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- a collection of essays on Neodruidic Studies
- a journal of Post-Reconstructionist Neopaganism





Saturday, October 26, 2013

HALLOWEEN MYTHS and FACTOIDS

( Rant mode: "on"... )


1.) Fact: HALLOWEEN WAS NEVER  PAGAN
Halloween is a modern festivity that has its origins in the Christian Irish and British Isles folkways of the last several centuries. These Christian folkways arose around this date due to the annual observances in the Roman Catholic church calendar whereupon the Catholics made remembrance of the martyrs and other saints on the feast of All Hallows, and then the souls of all the departed on the feast of All Souls.

HALLOWEEN IS NOT "CELTIC"...
It is “Celtic” only insomuch as the peoples of Ireland have been referred to as “Celtic” for little more than two hundred years. In several forms the word was in use 2000 years ago but the first modern usage of the term was by the Welsh scholar Edward Lhuyd in 1701 and it remained only a scholarly term for a long time afterward. Yes, no one in Ireland in the 1200's, 1400’s, or 1600's referred to themselves, or anybody else, as “Celtic”. So in this sense, Halloween has no Celtic, a.k.a. Iron-Age pagan, roots, it's a Christian folk-observance from Ireland, Scotland, Britain, and parts of the Continent.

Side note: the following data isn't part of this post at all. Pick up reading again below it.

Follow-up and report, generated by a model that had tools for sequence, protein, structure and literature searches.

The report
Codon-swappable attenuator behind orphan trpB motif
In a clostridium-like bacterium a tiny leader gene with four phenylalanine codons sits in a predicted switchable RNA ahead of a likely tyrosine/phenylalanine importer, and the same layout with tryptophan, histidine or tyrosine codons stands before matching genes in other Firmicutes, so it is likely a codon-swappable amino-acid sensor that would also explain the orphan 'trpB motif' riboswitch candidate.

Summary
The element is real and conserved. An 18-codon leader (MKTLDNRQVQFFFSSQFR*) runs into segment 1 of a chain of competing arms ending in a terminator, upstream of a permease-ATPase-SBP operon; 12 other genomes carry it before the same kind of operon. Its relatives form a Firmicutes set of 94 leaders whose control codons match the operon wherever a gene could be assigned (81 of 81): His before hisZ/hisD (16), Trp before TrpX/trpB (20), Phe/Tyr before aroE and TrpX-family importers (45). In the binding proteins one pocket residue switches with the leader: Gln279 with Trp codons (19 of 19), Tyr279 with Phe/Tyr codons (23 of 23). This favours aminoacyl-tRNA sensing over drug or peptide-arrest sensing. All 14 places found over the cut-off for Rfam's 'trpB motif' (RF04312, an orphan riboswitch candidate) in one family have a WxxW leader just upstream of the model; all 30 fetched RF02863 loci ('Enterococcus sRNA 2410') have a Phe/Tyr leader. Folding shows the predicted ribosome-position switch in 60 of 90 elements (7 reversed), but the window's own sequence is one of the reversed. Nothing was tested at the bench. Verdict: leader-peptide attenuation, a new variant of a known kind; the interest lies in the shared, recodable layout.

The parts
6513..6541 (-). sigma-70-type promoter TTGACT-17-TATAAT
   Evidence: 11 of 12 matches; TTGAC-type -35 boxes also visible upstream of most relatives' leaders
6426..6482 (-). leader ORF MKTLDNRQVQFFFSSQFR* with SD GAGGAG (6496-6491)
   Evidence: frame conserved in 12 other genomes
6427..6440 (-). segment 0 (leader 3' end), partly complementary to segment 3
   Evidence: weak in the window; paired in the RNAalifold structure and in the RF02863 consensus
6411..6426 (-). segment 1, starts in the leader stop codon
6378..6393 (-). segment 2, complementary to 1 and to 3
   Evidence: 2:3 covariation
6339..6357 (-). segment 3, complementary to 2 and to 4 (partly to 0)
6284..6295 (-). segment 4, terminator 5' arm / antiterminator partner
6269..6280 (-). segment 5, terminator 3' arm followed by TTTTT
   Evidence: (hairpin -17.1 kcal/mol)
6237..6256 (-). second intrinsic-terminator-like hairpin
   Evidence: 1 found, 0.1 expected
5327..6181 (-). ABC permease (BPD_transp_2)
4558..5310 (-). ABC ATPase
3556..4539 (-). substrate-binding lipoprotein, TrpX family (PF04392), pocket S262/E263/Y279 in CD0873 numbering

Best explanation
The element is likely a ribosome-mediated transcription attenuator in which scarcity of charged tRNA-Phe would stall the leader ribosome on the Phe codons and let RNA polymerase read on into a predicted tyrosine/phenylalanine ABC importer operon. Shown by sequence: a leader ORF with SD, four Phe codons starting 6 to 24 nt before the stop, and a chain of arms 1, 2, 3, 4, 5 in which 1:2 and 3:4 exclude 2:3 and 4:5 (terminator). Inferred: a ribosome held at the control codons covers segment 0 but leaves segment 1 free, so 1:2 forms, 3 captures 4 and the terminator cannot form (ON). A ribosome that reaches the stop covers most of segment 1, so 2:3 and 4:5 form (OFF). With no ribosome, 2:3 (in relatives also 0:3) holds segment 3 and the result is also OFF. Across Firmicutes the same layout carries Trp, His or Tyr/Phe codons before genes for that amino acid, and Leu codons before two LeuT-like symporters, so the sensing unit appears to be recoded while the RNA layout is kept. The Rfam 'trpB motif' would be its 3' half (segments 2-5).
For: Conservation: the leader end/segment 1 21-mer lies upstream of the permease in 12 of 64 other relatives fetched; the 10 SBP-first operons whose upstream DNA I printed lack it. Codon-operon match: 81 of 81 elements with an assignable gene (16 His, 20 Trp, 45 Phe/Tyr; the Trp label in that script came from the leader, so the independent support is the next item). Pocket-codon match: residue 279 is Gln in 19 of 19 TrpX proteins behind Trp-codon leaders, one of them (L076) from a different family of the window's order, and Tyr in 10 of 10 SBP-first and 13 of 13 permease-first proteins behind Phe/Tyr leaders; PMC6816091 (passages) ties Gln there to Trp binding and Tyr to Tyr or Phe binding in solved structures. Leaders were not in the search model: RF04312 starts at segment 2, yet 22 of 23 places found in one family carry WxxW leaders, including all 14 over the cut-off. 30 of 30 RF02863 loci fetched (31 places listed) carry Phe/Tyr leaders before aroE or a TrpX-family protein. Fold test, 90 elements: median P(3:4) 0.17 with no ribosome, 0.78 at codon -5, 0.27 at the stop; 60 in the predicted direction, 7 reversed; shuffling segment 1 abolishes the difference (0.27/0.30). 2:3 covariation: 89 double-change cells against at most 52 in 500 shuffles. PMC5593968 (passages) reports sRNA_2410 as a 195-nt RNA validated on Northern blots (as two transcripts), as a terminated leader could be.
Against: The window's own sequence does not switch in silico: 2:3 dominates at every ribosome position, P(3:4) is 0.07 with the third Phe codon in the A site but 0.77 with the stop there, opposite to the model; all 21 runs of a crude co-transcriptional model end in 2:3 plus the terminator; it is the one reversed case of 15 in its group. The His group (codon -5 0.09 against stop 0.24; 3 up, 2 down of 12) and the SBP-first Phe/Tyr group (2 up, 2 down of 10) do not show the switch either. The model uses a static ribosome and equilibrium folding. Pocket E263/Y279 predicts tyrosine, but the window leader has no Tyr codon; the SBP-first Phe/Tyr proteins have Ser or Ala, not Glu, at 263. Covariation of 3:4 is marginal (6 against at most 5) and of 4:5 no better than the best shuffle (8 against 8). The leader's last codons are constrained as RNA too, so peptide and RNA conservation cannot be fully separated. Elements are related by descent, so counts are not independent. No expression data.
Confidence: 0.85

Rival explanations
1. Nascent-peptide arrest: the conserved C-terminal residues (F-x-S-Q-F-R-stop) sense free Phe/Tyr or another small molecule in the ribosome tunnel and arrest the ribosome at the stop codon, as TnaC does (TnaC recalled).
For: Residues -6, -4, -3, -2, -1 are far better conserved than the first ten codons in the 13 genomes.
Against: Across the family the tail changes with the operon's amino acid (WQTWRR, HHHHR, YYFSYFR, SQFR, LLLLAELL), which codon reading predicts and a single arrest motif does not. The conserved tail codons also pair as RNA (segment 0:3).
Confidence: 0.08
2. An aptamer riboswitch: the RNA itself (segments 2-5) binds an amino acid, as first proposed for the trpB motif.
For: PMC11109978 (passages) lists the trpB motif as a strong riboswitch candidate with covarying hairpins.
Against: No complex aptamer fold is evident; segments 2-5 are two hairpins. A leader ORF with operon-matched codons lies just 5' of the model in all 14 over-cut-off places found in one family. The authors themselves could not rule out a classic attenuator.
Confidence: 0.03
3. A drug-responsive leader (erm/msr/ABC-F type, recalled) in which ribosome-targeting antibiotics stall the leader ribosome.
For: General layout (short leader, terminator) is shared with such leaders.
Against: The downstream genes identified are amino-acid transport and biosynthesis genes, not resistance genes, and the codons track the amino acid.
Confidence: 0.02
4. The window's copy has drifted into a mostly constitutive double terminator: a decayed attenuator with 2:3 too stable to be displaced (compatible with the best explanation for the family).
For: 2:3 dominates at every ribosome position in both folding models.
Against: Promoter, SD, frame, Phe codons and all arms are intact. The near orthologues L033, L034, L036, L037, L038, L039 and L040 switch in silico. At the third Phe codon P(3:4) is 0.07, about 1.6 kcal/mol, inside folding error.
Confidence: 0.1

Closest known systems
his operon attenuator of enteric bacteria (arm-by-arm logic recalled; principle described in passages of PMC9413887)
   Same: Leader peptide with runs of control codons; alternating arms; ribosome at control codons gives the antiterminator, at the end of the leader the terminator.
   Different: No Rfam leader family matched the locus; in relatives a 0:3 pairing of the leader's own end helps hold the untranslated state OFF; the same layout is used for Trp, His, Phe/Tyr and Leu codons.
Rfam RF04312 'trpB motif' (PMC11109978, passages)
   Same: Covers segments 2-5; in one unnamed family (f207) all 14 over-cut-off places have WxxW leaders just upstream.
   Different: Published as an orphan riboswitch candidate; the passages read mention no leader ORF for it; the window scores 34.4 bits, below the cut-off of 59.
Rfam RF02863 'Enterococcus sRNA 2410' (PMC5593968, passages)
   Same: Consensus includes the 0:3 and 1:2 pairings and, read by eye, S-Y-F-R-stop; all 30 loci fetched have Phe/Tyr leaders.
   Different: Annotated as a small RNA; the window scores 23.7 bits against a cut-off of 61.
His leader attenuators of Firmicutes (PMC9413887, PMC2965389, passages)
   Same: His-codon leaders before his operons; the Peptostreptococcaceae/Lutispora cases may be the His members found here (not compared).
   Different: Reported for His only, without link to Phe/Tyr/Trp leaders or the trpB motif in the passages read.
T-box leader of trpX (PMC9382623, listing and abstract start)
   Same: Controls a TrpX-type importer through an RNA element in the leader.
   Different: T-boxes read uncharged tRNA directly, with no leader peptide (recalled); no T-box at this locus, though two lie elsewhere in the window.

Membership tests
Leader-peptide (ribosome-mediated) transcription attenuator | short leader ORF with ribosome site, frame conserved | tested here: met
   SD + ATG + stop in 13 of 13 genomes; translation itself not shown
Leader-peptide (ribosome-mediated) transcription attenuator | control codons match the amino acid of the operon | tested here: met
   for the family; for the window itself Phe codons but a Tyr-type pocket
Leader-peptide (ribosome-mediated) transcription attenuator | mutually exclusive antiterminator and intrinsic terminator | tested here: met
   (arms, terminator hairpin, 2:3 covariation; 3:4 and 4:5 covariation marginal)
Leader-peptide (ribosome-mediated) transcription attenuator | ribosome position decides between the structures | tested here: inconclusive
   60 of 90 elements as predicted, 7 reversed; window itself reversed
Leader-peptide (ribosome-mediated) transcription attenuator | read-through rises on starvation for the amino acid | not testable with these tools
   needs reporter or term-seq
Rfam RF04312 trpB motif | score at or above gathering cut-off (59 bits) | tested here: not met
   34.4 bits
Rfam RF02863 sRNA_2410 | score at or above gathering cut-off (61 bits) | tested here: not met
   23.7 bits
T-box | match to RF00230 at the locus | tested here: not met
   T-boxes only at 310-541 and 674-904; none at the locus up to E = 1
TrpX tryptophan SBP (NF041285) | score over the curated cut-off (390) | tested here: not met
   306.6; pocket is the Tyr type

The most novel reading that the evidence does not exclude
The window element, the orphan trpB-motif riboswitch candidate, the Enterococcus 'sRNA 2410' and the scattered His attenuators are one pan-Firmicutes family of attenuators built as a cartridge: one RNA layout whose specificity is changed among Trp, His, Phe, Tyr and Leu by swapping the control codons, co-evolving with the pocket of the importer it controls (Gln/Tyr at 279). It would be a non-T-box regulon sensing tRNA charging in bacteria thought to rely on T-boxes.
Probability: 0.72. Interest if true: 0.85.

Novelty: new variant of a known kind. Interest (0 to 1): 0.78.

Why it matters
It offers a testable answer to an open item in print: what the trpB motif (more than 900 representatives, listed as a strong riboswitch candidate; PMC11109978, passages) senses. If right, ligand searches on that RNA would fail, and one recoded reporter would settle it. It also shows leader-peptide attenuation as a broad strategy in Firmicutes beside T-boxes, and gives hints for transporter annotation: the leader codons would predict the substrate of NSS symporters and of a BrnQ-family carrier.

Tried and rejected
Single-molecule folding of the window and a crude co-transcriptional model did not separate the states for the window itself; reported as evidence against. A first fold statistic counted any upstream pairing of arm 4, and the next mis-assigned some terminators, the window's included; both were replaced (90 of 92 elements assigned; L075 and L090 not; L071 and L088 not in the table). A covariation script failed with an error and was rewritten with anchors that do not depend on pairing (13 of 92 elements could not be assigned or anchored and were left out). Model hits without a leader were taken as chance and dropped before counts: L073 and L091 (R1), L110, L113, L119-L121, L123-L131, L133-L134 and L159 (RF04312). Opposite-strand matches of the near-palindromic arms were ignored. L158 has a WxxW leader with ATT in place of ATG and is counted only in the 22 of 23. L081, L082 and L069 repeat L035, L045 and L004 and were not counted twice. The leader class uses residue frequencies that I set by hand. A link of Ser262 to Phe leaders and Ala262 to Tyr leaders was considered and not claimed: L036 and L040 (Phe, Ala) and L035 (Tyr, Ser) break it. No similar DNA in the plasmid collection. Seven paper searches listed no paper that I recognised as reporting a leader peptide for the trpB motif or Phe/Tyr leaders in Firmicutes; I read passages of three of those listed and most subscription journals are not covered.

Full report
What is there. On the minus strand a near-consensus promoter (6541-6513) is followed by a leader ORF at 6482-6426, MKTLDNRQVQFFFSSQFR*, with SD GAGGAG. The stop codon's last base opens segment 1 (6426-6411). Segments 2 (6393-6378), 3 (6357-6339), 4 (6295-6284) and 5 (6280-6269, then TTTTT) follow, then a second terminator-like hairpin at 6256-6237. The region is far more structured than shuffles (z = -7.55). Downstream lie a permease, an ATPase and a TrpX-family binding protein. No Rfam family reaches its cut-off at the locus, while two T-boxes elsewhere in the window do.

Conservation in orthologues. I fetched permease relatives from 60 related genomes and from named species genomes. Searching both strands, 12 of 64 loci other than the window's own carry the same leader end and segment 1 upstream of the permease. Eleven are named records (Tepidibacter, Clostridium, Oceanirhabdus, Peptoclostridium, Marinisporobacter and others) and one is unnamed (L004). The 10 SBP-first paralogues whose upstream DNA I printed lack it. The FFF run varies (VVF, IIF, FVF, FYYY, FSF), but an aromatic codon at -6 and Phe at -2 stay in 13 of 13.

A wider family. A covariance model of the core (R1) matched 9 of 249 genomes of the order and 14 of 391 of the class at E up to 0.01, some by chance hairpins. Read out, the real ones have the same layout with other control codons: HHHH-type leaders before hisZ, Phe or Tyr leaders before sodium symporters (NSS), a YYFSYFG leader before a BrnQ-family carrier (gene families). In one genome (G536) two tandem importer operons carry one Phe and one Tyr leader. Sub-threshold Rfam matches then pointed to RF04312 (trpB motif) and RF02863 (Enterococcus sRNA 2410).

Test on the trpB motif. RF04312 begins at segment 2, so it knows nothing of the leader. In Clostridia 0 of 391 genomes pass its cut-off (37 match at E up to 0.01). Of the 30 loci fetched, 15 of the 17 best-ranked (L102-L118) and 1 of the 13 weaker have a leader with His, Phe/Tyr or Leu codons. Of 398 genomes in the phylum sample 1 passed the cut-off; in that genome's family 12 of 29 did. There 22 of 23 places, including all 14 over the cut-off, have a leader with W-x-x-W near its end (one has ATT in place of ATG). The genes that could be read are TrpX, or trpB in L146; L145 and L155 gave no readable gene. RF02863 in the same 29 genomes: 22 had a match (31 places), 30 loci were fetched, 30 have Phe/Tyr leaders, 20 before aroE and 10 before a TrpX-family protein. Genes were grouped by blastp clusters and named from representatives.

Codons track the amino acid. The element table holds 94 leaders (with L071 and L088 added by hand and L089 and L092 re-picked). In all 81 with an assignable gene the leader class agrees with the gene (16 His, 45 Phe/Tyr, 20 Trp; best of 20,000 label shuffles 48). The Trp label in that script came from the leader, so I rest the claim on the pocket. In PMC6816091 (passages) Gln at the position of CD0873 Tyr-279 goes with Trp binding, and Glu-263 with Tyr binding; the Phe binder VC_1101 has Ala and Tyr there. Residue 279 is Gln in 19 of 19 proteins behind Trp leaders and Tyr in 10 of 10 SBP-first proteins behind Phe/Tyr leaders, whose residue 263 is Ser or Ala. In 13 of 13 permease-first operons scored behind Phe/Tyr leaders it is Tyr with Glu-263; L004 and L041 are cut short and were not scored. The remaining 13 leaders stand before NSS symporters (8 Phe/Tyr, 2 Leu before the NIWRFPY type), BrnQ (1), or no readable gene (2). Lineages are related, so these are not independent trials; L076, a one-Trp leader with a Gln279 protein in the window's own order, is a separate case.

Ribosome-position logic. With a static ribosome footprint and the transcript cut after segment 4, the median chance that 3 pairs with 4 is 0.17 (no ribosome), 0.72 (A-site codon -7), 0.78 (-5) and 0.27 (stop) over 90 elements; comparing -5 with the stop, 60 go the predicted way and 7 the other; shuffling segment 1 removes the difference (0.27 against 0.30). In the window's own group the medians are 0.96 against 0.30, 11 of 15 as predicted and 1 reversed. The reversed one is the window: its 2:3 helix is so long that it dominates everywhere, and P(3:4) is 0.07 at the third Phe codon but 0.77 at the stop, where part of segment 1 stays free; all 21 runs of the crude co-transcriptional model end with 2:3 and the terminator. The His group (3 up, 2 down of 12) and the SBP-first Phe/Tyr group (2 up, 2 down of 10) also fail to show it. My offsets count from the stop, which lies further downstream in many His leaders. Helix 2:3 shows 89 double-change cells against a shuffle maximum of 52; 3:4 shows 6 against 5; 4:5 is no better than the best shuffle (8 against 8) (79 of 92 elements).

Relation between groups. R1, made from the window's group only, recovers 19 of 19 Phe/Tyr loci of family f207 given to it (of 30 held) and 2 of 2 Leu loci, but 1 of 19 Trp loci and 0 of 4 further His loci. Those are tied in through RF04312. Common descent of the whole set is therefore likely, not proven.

On the other hand, Samhain is an old Celtic name from the Gaelic associated with November 1st in Ireland and Scotland. Historically it is not known with certainty that the word Samhain predates Christianity, yet due to linguistic similarities with other Celtic languages found on pre-Christian Romano Celtic artifacts like the Coligny Calendar from Gaul, it's likely to have been in use in some form 2000 years ago.

2.) More "heretical" bitter pills (brace yourself)...

SAMHAIN: 

was not about the Dead,    and...

SAMHAIN: 

was not the "Celtic New Year"

There are virtually NO connections in ancient "Celtic" mythology that show that the feast of SAMHAIN (Nov. 1st or thereabouts) was thematically related or even similar to the death-themes of the Catholic “All Saints / All Souls” feasts. Nothing in the Lore even suggests a seasonal factor at work other than perhaps a readying for winter's arrival with the High Druids' commanding that all the fires in the land be extinguished so that they could all be re kindled from their single new holy Samhain fire.